What approach have you taken for engaging regional governmental partners outside of city government to take a multi-jurisdictional approach in all things emergency management?
Philadelphia has a superb relationship with its partners in southeastern Pennsylvania and southern New Jersey. We collaborate on major emergency management projects, such as evacuation planning, and lean on one another regularly for support.
Snowstorms are not typically big disasters, yet emergency management is drawn into these events. What lessons did you learn from last winter's storms?
Old Man Winter has no doubt taken a liking to Philadelphia. In the past two years, Philadelphia has had five storms with a foot or more of snow. We are constantly reminded of the importance of keeping the health and hospital community well informed prior to an event, while also urging them to be proactive and take the appropriate measures to prepare their patients and staff for the storm. The biggest lesson we learned pertains to dialysis centers. They are generally well prepared but will require assistance with coordination and transportation if a storm is severe enough or of longer duration. We communicate with dialysis providers early and often and have developed a system for prioritizing critical patients. Keeping nonemergency vehicles off the roads is also critical, especially in densely populated areas where a stuck vehicle can quickly cause a gridlock.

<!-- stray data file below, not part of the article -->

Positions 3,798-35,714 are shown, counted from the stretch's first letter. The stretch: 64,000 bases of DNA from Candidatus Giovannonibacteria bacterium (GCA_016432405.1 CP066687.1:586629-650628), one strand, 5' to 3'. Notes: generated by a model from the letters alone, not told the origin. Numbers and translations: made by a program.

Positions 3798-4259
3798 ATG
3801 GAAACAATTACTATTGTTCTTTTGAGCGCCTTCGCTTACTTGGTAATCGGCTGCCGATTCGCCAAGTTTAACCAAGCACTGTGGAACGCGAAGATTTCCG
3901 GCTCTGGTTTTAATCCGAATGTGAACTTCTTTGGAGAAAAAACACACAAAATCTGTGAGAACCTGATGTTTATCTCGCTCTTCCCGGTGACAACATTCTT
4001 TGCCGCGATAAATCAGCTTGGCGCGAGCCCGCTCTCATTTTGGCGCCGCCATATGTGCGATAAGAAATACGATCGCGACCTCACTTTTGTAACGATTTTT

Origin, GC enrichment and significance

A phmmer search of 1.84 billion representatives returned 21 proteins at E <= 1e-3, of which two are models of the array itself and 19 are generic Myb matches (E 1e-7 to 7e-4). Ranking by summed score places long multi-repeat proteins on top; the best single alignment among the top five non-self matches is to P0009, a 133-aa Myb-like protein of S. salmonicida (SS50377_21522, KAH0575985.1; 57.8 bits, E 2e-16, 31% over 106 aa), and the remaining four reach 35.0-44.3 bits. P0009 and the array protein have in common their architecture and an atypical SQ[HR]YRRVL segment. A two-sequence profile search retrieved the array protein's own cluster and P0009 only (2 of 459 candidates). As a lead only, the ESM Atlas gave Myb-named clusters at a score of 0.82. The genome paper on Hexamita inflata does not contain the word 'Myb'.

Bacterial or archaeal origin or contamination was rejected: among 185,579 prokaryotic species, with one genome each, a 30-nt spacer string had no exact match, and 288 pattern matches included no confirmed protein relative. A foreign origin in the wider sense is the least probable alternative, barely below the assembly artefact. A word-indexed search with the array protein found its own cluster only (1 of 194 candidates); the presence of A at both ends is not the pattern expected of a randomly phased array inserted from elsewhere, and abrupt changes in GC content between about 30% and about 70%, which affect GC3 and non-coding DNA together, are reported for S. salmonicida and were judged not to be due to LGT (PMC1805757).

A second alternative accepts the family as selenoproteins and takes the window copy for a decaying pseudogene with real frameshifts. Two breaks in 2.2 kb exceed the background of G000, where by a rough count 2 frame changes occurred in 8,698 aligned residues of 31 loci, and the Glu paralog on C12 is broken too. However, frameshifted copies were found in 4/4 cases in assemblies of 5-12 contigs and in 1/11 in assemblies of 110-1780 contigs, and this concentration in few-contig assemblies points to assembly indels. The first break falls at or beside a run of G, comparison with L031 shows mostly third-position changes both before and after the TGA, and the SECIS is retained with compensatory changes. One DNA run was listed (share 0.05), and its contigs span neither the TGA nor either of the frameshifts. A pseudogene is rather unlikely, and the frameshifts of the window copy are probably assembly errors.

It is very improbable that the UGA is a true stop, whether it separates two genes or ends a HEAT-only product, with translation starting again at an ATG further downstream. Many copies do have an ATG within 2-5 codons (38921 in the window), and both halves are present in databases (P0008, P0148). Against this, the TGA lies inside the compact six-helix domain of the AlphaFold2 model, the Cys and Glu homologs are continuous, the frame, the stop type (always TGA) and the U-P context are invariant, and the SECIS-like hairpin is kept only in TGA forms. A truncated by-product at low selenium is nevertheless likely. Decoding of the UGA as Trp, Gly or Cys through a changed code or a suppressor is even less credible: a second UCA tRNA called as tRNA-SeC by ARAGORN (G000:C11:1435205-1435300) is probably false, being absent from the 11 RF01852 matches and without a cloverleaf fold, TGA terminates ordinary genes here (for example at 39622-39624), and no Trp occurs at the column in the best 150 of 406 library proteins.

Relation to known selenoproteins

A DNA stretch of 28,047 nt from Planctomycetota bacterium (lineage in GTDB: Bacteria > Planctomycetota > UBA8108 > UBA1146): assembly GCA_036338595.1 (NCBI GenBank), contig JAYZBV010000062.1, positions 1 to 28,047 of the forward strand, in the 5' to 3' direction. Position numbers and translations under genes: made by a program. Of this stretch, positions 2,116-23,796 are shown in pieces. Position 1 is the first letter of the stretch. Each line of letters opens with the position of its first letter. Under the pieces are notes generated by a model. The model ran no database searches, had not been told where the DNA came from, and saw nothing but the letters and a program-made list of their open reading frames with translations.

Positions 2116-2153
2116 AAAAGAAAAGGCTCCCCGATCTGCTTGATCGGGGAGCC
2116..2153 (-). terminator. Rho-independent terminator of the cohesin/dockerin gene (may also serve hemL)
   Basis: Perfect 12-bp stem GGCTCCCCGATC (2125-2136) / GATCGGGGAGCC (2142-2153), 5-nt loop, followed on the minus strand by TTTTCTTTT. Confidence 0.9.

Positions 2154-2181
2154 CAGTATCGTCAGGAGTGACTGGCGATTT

As you look to hire staff for your program, what qualities and experience are you looking for?